Perhaps at one end of the scale, we have “prose aesthetic delivers the story” — by which I mean, the prose aesthetic is like a truck with the story in its bed, a separate thing being delivered. And at the other end of the scale, we have “prose aesthetic is a part of the story,” by which I mean — the form, the structure, the linguistic ecosystem, the linearity — are all actively telling some part of the story, the way the suspension cable is a part of the bridge.
I tried to make this argument to myself, and to place books on this scale (from “prose aesthetic tells story” to “prose aesthetic delivers”) and realized that — even for some of the most commercial fiction I’ve read, the prose aesthetic is still being used with intentionality to support the story.
So perhaps a better version of the scale is “prose aesthetic is visible” to “prose aesthetic is invisible.” When the structure, form, and language align with our expectations (based on genre?), they become invisible: the multi-POV 3rd person, short chapters, and clear language of a thriller serve and reinforce the story, but we don’t even notice them. On the other side of the scale, the fragmentation, frequent asides into memory, and idiosyncratic language of a book like Elizabeth Strout’s “Oh William!” call attention to themselves: we can see the prose aesthetic at work.
In this particular Discourse, it seems like the act of labeling is useful insofar as it helps us to understand and find books we’re excited about, but loses all utility when blunted into a tool of value judgement. I mean that going both ways — towards commercial and literary fiction. I am bored of the way we talk about “the other,” whichever side that is.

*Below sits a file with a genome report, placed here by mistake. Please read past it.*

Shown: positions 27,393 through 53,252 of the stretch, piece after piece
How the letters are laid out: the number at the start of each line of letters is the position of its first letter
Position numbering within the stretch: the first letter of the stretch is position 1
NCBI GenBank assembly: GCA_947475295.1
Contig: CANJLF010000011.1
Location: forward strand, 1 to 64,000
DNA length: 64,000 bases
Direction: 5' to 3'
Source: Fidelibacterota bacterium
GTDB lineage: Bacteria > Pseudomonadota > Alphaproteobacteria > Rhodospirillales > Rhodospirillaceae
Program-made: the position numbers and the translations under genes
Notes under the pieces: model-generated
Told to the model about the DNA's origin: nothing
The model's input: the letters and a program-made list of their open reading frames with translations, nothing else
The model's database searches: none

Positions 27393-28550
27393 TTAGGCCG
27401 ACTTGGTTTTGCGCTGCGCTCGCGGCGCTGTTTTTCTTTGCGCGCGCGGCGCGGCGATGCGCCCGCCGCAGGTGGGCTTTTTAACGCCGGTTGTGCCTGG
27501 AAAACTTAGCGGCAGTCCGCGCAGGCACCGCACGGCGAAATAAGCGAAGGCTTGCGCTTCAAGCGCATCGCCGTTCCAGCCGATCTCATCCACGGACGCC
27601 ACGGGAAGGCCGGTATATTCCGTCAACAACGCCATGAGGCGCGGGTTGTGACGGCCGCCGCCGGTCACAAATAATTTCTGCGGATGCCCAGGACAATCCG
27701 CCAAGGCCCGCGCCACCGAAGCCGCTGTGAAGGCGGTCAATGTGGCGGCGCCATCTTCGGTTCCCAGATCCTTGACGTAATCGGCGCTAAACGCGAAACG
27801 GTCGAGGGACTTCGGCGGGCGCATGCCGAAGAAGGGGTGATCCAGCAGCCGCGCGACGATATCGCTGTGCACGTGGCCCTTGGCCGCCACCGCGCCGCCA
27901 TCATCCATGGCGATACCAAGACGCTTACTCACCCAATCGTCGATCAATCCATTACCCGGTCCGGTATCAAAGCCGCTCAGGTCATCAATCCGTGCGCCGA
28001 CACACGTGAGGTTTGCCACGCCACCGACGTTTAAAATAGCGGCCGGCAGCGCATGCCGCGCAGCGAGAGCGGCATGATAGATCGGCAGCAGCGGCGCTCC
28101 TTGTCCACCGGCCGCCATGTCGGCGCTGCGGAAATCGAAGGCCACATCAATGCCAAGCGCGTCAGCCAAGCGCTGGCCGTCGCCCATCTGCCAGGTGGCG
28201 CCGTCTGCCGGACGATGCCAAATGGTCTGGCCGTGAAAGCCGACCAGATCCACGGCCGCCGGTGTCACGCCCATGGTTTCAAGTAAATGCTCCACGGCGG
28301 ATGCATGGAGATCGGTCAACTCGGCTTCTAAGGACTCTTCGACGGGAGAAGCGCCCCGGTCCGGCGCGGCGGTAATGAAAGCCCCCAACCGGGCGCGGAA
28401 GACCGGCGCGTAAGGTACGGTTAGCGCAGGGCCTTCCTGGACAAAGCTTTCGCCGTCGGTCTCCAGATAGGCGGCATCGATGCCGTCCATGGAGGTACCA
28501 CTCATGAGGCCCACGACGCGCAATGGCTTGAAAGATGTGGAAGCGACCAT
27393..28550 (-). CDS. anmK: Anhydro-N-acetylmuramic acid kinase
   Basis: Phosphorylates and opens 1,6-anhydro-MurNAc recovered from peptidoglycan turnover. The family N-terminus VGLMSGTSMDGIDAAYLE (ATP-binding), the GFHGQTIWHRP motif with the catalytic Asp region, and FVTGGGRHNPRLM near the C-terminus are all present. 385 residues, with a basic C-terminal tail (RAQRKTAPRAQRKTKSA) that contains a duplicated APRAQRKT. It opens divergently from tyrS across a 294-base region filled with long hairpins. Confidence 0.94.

A more interesting conversation (at least to me) would be to move into a second dimension by adding another scale: perhaps “entertainment” to “discomfort” or “status quo” to “questioning” or “invitation” to “challenge” or “reader is a passenger” to “reader is a participant.” Or some other scale entirely. The problem of course, being that most scales are interpreted as opposites, rather than just different elements in a story — the way salt and sweet are not opposites in baked goods, although people prefer different balances of those flavors. Sometimes I want a pretzel; sometimes I want a cinnamon roll. Sometimes I want a salted caramel blondie.
Or maybe the more interesting conversation (the conversation I always want to have) is: What have you read lately? Did you love it? Why? Was it disappointing? Why? And on and on.
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Shaelin Bishop talks about this in one of their videos